Campuses:

Diffusion

Wednesday, May 30, 2018 - 9:00am - 9:50am
Alla Borisyuk (The University of Utah)
Astrocytes are brain cells, as numerous as neurons, but are physiologically quite different. Astrocytes play an important role in neuronal function through their calcium signaling. In our collaborators' experimental data we see a large degree of variability in the calcium signals. In this project we will explore two major causes of this variability.
Tuesday, March 27, 2018 - 11:30am - 12:00pm
Vladimir Ajaev (Southern Methodist University)
Studies of sessile droplets provide a natural framework for modeling dynamic contact lines. We present several recent results on droplet behavior on heated substrates under the conditions when the effects of both wetting and evaporation are important. For liquids which are aqueous solutions, we investigate how the formation of electrical double layers near the interfaces affects droplet spreading and evaporation. Apparent contact angle is found as a function of both heating and ion concentration in the liquid.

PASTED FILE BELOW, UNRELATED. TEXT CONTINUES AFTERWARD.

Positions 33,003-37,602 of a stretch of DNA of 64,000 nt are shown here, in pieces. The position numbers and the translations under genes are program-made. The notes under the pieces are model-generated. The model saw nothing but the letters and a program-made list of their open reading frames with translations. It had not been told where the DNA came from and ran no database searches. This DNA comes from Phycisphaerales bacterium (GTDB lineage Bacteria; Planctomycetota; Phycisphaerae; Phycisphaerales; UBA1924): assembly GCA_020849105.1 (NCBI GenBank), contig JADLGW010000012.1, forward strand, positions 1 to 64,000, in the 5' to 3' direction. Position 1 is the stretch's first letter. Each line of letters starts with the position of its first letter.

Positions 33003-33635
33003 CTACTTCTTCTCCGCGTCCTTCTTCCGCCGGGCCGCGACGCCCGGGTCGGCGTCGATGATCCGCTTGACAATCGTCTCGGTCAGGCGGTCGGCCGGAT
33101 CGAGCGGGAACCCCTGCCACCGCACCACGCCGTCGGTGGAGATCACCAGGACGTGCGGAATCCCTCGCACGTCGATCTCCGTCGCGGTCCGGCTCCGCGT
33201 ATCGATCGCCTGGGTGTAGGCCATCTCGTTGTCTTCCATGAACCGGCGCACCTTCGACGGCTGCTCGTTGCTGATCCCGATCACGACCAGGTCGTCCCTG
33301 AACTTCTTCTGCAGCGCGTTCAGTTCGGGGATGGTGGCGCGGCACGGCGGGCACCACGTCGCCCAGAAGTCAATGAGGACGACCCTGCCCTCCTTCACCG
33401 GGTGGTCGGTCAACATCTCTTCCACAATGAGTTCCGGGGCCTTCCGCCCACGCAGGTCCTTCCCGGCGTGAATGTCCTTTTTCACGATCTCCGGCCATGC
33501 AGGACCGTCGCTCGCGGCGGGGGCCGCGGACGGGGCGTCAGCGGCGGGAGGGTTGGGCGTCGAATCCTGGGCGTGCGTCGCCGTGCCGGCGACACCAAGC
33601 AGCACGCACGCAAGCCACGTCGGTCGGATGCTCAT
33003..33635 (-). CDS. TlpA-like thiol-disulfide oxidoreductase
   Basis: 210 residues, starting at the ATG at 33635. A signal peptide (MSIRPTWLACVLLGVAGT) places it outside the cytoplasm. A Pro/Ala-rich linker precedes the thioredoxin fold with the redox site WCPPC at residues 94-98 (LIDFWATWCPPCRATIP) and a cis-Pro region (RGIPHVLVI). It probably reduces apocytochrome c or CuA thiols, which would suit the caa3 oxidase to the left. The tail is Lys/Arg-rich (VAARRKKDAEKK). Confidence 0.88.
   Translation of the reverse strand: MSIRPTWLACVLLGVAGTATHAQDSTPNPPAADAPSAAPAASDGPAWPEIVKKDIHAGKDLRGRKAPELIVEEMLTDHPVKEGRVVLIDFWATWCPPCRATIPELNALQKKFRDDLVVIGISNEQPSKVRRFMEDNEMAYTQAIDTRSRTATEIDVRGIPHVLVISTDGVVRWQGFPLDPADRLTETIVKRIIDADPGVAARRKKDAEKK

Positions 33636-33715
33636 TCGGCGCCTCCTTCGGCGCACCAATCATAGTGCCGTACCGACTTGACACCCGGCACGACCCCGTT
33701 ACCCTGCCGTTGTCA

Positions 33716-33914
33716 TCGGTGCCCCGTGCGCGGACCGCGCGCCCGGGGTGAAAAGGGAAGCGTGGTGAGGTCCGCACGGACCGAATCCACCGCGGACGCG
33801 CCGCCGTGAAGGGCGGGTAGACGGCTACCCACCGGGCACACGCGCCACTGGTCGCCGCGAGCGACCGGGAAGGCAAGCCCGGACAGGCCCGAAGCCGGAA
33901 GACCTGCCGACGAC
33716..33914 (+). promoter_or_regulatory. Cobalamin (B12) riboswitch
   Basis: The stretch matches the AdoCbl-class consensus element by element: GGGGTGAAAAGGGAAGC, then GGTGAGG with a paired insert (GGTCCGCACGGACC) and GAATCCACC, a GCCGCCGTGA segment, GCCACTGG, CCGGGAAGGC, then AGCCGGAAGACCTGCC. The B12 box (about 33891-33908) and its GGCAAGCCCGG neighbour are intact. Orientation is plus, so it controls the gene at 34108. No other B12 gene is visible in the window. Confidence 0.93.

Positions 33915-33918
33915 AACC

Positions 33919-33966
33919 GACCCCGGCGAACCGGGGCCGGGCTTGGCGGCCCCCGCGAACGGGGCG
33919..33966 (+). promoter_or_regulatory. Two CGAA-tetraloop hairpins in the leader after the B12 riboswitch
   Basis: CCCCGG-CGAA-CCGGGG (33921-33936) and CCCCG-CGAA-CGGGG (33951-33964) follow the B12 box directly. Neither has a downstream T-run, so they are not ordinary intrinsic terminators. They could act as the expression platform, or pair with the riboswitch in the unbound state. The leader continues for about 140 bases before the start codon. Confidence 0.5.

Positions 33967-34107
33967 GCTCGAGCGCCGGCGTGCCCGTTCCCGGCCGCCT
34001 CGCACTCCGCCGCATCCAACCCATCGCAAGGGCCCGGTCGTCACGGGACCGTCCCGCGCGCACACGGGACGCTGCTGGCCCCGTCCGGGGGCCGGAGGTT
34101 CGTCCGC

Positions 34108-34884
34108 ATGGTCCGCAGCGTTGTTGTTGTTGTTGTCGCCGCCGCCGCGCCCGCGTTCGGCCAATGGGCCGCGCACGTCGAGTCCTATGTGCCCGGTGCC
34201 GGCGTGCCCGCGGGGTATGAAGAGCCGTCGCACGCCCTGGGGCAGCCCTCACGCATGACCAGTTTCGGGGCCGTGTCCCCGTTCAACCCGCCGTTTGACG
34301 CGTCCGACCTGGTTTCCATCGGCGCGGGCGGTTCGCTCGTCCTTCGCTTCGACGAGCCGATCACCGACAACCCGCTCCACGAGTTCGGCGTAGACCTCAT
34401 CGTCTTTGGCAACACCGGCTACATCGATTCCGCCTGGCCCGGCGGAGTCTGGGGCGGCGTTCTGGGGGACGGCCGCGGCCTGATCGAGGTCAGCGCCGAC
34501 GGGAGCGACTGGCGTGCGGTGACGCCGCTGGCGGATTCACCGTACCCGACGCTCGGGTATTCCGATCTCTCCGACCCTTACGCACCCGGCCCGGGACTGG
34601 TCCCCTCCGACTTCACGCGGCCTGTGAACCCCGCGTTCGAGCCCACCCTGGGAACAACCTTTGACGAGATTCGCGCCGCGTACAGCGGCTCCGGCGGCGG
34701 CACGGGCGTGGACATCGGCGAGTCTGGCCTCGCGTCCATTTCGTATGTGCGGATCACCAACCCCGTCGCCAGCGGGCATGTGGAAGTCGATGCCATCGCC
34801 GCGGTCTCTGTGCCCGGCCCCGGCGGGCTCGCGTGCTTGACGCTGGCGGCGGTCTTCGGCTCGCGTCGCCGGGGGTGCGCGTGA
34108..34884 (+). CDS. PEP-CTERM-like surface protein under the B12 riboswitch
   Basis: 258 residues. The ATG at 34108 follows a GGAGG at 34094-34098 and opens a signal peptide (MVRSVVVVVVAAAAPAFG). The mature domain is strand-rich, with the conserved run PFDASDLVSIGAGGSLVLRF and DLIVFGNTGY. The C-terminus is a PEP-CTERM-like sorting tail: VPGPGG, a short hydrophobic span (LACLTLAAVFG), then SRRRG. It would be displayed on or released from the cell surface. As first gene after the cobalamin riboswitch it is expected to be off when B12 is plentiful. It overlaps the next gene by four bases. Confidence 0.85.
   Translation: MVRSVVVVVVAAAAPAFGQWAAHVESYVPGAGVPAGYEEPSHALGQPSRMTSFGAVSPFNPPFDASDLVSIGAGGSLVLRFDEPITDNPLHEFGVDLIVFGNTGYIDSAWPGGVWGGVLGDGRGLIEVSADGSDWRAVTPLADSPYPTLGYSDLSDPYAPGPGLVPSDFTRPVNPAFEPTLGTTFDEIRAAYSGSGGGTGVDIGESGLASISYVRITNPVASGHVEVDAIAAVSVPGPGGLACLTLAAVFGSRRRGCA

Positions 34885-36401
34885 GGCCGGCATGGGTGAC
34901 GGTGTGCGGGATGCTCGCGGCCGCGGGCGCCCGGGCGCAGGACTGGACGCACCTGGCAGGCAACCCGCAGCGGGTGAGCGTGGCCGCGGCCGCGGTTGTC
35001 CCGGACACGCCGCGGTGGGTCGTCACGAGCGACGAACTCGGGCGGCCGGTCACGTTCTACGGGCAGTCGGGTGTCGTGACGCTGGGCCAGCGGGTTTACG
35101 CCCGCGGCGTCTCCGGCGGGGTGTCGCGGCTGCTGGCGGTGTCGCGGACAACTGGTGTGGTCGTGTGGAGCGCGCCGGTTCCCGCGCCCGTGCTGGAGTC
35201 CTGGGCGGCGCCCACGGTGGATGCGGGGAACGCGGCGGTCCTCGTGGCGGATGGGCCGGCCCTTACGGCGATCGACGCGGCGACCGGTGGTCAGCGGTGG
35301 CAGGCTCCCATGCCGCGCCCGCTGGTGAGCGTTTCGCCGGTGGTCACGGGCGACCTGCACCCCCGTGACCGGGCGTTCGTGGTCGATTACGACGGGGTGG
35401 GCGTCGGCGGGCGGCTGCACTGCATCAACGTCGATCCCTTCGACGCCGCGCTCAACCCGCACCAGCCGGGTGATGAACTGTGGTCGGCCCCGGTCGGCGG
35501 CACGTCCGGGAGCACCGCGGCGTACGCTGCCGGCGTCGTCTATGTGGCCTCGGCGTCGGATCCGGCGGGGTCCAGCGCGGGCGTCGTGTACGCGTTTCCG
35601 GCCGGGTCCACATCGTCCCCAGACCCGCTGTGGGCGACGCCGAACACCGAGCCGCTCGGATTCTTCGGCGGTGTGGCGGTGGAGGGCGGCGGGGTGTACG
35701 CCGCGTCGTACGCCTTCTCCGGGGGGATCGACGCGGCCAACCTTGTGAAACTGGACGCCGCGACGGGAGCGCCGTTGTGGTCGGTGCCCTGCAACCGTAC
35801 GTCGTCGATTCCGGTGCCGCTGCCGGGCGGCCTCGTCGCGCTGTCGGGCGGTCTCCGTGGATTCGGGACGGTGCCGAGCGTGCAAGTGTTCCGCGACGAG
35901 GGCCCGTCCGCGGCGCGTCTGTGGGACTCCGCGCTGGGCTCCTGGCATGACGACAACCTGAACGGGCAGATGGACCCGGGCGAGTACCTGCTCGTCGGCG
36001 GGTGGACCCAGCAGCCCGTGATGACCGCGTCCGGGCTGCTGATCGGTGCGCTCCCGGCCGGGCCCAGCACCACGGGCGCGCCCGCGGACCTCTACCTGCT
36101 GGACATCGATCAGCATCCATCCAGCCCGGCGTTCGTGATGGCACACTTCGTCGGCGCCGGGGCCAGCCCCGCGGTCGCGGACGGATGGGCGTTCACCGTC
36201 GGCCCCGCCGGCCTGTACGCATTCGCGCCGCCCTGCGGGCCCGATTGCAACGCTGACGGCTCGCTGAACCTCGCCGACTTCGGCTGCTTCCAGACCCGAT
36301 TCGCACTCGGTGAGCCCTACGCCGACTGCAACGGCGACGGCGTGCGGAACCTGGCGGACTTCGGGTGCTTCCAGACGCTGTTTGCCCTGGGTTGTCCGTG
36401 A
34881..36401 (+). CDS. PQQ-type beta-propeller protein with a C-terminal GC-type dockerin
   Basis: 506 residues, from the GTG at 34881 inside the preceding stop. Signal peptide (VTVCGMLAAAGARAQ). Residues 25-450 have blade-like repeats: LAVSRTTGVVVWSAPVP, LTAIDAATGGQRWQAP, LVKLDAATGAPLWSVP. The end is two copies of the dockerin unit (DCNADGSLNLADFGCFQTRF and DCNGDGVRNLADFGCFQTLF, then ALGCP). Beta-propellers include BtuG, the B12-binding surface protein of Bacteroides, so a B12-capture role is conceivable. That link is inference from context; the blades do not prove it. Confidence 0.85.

Thursday, October 15, 2009 - 2:15pm - 2:55pm
James Feng (University of British Columbia)
I will discuss the use of a diffuse-interface model for simulating moving contact lines. The Cahn-Hilliard diffusion is known to regularize the singularity and makes possible a continuum-level computation. But relating the results to physical reality is subtle. I will show numerical results that suggest a well-defined sharp-interface limit, with a finite contact line speed that can be related to measurements.
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